MMA’s independent peer review identified five critical shortcomings in EGLE’s proposed rules:

  1. Key studies were not referenced or discussed by the Science Advisory Workgroup (SAW) in its risk assessment calculations.
  2. Significant data gaps and scientific uncertainty are evident in SAW’s calculations.
  3. Curious conclusions and assumptions are evident in calculations for the HBVs.
  4. SAW deviated from accepted standard practice when developing its MCLs.
  5. An inadequate assessment of the compliance costs of the proposed rule that, ultimately, the public will bear, and this could weaken acceptance and support for the proposed criteria.

“With this being the first instance in Michigan of pursuing an MCL ahead of EPA input, any proposed rules at the state level must be ‘regulation ready’ and that means providing necessary clarity, consistency and certainty,” said Johnston. “It also means that the state must rely on settled and established science as the foundation for developing regulatory standards and properly consider the significant costs such a rule could have on local communities, citizens and employers.”

MMA’s Key Recommendations

Based on the findings of the independent peer review, MMA advocates for four clear recommendations which, if implemented, would allow Michigan to be viewed as a credible leader in PFAS-related safe drinking water standards.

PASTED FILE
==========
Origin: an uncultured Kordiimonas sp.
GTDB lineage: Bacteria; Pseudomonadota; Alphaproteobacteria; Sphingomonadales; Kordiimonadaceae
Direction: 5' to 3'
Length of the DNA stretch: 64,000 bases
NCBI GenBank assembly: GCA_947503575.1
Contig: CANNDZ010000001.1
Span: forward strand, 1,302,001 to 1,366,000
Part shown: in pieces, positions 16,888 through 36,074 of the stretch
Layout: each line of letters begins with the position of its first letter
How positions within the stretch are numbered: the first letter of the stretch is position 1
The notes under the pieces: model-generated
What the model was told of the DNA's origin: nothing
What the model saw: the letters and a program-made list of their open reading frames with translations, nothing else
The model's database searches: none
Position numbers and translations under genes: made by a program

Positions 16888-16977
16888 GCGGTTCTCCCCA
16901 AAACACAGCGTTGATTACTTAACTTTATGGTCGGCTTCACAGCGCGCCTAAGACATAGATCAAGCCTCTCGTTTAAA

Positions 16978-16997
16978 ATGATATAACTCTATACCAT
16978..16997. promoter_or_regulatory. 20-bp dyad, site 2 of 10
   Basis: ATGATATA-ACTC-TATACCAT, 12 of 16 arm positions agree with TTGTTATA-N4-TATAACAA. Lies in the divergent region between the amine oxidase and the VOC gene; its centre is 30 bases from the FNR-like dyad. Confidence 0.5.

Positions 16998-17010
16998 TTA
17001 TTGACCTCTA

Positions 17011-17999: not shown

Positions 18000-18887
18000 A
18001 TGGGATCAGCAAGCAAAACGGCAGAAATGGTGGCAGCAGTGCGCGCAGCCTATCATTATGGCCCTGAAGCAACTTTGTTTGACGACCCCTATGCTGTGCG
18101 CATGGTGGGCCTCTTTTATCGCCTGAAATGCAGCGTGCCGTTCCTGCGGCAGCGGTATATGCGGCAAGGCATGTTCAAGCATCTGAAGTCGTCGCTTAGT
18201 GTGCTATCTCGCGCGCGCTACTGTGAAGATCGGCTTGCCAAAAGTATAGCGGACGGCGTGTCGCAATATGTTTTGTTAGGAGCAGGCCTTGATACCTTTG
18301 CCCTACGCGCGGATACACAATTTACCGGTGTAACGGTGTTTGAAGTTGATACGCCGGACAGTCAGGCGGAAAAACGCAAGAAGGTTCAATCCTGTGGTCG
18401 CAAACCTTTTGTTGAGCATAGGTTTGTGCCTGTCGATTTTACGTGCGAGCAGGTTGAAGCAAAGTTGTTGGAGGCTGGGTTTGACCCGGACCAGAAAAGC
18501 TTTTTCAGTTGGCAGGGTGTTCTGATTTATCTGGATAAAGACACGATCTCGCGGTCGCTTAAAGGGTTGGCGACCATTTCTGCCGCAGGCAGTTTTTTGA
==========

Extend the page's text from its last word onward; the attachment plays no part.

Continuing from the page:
Ensure public confidence in the process
SAW should address and resolve any key scientific uncertainties and shortcomings that have been identified during the public comment period and subsequent to the development of proposed rules. MMA trusts that the peer review information provided in the report will assist EGLE in addressing some of the information gaps and questions that remain.

“As the EPA has historically developed MCLs, it remains best equipped in both resources and expertise to address these complex public health questions,” said Greco. “The EPA remains engaged in addressing the PFAS issue and, in order to best ensure public confidence and the protection of human health, the state should consult and incorporate research conducted by the EPA and others to enable Michigan to access critical new findings as PFAS science evolves.”

Rely on settled science to develop MCLs
Michigan should rely upon universally settled science when developing MCLs and ensure that Michigan is using a scientific community-consensus database. EGLE refrained in this rule set and should continue to refrain from developing MCLs on a class basis due to the unique and varying effects of different PFAS constituents. As the body of scientific knowledge on exposure continues to grow, Michigan should reassess its previous determinations, consider adding or removing other individual PFAS constituents or modify the compliance requirements.

“There is a significant lack of settled science on PFAS. Among both scientists and governments, there is still considerable debate about what constitutes safe dose exposure,” Johnston explained. “Our commissioned report identified a 500-fold difference in projected safe dose levels between Australia’s 160 parts-per-trillion (ppt) and the safe dose level of 1,500 ppt in the UK.”